As a long-time canine caretaker who adores all dogs with over 20 years of experience caring for canine companions, I often get asked “My Puli Won’t Eat, what should I do?” It’s a common concern for folks with four-legged family members when their canine companion seems disinterested in mealtime. As an enthusiastic pet expert, permit me to offer my best tricks to get your pup excited about eating again.
There are many possible reasons why your pup may have lost their appetite. This article explores the top causes and proven solutions to help get your dog to eat again. Below are 10 of the most common reasons your dog might not be eating. Alternatively if you want to save some time you can talk to a vet directly.
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Why Your Puli Won’t Eat
1. Dental Disease and Oral Pain
Dental disease like gum infections, dental abscesses, and broken teeth are very common in dogs and can cause severe oral pain that prevents them from wanting to chew their food. Signs that your Puli has dental issues include halitosis, reddened gums, pawing at the mouth, and dropping food. Dogs may start eating only soft food or refuse to eat their meals.
See your vet immediately if you notice these signs of dental disease, as untreated infections can spread bacteria to the circulatory system. Your vet will likely recommend a complete dental cleaning and extraction of diseased teeth under anesthesia to relieve your dog’s oral pain. They may also prescribe antibiotics and pain medication. With treatment, your Puli appetite should bounce back within a few days once the mouth pain subsides.
2. Nausea from Gastrointestinal Upset
Given the nausea, vomiting, diarrhea, or other gastrointestinal issues, dogs tend to avoid eating. Issues like dog food allergies, inflammatory bowel disease, pancreatitis, infections from parasites, and viral enteritis can cause GI disturbances, can be the cause a Puli wont eat.
By conducting blood tests, analyzing fecal samples, and getting abdominal imaging, the primary reason for appetite loss can be detected. The appetite usually returns quickly after the nausea reduces, especially with treatments involving anti-nausea medications, antibiotics, anti-inflammatory drugs, and tailored diets.
Make sure to follow your vet’s treatment plan closely and only give your Puli the recommended dosages.
3. Anxiety and Stress
Routine alterations, trips, new settings, intense sounds, and encountering unknown dogs or humans can be stressful for Pulis. Such anxiety-filled or distressing scenarios frequently lead to reduced food intake or even complete avoidance of meals by dogs.
To keep your dog’s anxiety at bay, stick to regular schedules as much as you can and opt for anti-anxiety treatments or supplements if the vet suggests. Also, stimulate their appetite by hand feeding delicious foods like cooked chicken, canned puppy food, or dry food such as kibble soaked in broth.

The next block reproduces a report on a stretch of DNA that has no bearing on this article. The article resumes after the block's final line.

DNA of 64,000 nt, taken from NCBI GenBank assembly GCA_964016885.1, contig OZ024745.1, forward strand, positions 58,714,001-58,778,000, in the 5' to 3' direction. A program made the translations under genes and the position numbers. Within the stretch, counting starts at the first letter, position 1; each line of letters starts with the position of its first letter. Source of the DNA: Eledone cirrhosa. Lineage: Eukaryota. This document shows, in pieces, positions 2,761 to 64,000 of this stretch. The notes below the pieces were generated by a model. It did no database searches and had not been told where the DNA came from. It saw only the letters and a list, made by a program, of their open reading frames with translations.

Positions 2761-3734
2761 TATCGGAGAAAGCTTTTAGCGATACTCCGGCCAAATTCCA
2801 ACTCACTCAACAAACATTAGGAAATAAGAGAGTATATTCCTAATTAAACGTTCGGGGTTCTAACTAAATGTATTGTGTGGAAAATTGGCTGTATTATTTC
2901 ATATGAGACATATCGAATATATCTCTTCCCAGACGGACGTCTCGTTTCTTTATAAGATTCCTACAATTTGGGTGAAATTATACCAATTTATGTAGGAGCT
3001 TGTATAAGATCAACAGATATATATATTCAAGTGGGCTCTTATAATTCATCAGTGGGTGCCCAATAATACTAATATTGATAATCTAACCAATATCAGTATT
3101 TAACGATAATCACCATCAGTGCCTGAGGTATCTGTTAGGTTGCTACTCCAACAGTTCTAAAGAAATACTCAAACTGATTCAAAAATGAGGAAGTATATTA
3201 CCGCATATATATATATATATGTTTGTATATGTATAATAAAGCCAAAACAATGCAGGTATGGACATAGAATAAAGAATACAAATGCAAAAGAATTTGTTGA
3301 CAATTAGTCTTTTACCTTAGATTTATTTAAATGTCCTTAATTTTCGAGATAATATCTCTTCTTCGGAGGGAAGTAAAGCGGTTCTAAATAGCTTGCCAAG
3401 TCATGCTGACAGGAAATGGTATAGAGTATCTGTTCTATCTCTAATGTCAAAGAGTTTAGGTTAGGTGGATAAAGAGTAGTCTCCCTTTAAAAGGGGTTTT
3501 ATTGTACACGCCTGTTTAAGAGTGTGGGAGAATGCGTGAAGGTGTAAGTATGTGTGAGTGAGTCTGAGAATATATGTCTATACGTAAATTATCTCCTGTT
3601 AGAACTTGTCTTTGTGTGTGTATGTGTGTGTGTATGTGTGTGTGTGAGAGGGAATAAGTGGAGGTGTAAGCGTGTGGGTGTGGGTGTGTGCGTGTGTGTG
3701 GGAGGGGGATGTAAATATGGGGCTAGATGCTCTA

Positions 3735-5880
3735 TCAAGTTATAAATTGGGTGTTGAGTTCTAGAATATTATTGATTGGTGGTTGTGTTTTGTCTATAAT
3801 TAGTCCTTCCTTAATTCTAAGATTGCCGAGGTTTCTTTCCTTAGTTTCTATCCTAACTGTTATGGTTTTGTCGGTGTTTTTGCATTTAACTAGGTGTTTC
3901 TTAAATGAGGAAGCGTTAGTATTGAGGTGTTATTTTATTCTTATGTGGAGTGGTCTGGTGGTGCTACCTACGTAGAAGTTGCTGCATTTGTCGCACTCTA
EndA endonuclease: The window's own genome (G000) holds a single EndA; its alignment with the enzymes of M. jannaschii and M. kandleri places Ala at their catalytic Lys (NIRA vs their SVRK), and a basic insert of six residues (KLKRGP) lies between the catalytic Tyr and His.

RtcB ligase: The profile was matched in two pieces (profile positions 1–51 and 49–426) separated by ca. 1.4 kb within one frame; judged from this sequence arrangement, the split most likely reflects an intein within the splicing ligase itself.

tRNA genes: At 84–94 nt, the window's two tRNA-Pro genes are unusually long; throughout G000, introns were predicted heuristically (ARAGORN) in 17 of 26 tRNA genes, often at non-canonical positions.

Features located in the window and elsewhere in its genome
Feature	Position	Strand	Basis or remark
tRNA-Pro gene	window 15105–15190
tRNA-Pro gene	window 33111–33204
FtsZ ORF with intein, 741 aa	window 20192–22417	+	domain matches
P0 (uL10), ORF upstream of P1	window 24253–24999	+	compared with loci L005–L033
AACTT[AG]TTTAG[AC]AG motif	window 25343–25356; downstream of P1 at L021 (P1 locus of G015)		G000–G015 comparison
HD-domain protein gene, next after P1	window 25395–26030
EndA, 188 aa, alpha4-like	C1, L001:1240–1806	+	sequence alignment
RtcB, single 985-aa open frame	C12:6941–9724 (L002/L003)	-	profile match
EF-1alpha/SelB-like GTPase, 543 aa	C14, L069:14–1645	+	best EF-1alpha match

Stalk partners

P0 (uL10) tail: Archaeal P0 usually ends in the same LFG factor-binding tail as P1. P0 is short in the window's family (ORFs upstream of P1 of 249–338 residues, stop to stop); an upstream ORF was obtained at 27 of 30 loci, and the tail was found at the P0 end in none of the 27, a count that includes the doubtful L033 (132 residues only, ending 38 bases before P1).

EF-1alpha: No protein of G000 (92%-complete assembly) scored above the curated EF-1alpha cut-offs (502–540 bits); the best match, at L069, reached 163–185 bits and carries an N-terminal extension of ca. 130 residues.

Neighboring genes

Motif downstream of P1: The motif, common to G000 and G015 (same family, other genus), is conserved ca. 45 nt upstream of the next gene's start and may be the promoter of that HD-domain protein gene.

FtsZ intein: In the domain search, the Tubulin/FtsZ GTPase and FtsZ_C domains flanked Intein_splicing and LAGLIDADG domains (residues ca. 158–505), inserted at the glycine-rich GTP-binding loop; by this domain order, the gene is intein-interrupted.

When your dog starts adjusting to the new or stressful changes, it’s probable their hunger will bounce back.
4. Puli Decreased Sense of Smell
For senior dogs and those with persistent nasal or respiratory ailments, a reduced sense of smell often becomes a challenge. When the dog food appears tasteless or not inviting, the dogs lack the drive or desire to consume it.
Consider heating wet or canned food to intensify its scent.Over their usual kibble, add aromatic ingredients such as chicken broth, grated cheese, bits of bacon, or tinned fish.This makes the food more enticing.
If an upper respiratory infection is causing the smell loss, antibiotics and nasal decongestants from your vet can help restore their appetite.
5. Picky Eating Habits
Some Pulis are just naturally picky, whether due to boredom with their food or preference for human foods. Dogs with fussy appetites might begin shunning their food or choosing what to eat meticulously.
For catering to a choosy dog’s tastes, consider switching among 3-4 varied premium food types, such as air-dried, uncooked, or moist foods frequently. Consider enhancing their regular kibble with tempting additives such as chopped ham, whisked eggs, unsweetened yogurt, or cottage cheese.
It’s essential not to feed them human leftovers, so you don’t reinforce choosy behavior. Given enough patience and some inventive ideas, you can pinpoint the meals your fussy dog relishes.
We recommend trying these products for picky Pulis.
6. Underlying Medical Issue
Besides dental and gastrointestinal troubles, several internal health concerns can cause Pulis to lose their appetite. These include kidney disease, cancer, hypothyroidism, urinary tract infections, and organ failure.
It’s urgent to consult your vet if your grown dog abstains from food for over 24 hours or displays fatigue. Procedures including blood tests, analyses of urine, and imaging techniques can identify if there’s a concealed health concern impeding your dog’s hunger.
Once your dog starts recuperating, the right medical intervention usually reignites their normal appetite swiftly. Yet, failing to address health conditions can be perilous.
7. A Change in Eating Routine
Being habitual animals, dogs can show selective eating behaviors when there’s an alteration in their regular routine. Scenarios where this occurs include switching food brands, feeding at different times, travel, boarding, guests in the home, moving houses, or a new family member like a baby or puppy.
Help your Puli adjust to routine changes gradually over 2-3 weeks. As an instance, if you’re switching their diet, make the shift over a week to ten days, introducing the new food progressively while phasing out the previous one.
To regain their usual appetite, it’s essential to remain consistent and predictable in your actions.
8. Puli Feeling Overheated
During warm summer days, a dog’s attempt to remain cool through panting can diminish their appetite cues. During the hotter months, ensure your dog always has access to shady spots, cold surfaces, and replenished water.
Think about offering more substantial meals when it’s cooler, such as in the early morning or late evening. You can also try freezing their food or water bowls to keep the area around their food as cool as possible.
This helps encourage eating on those hot days.
9. Competition with Other Pets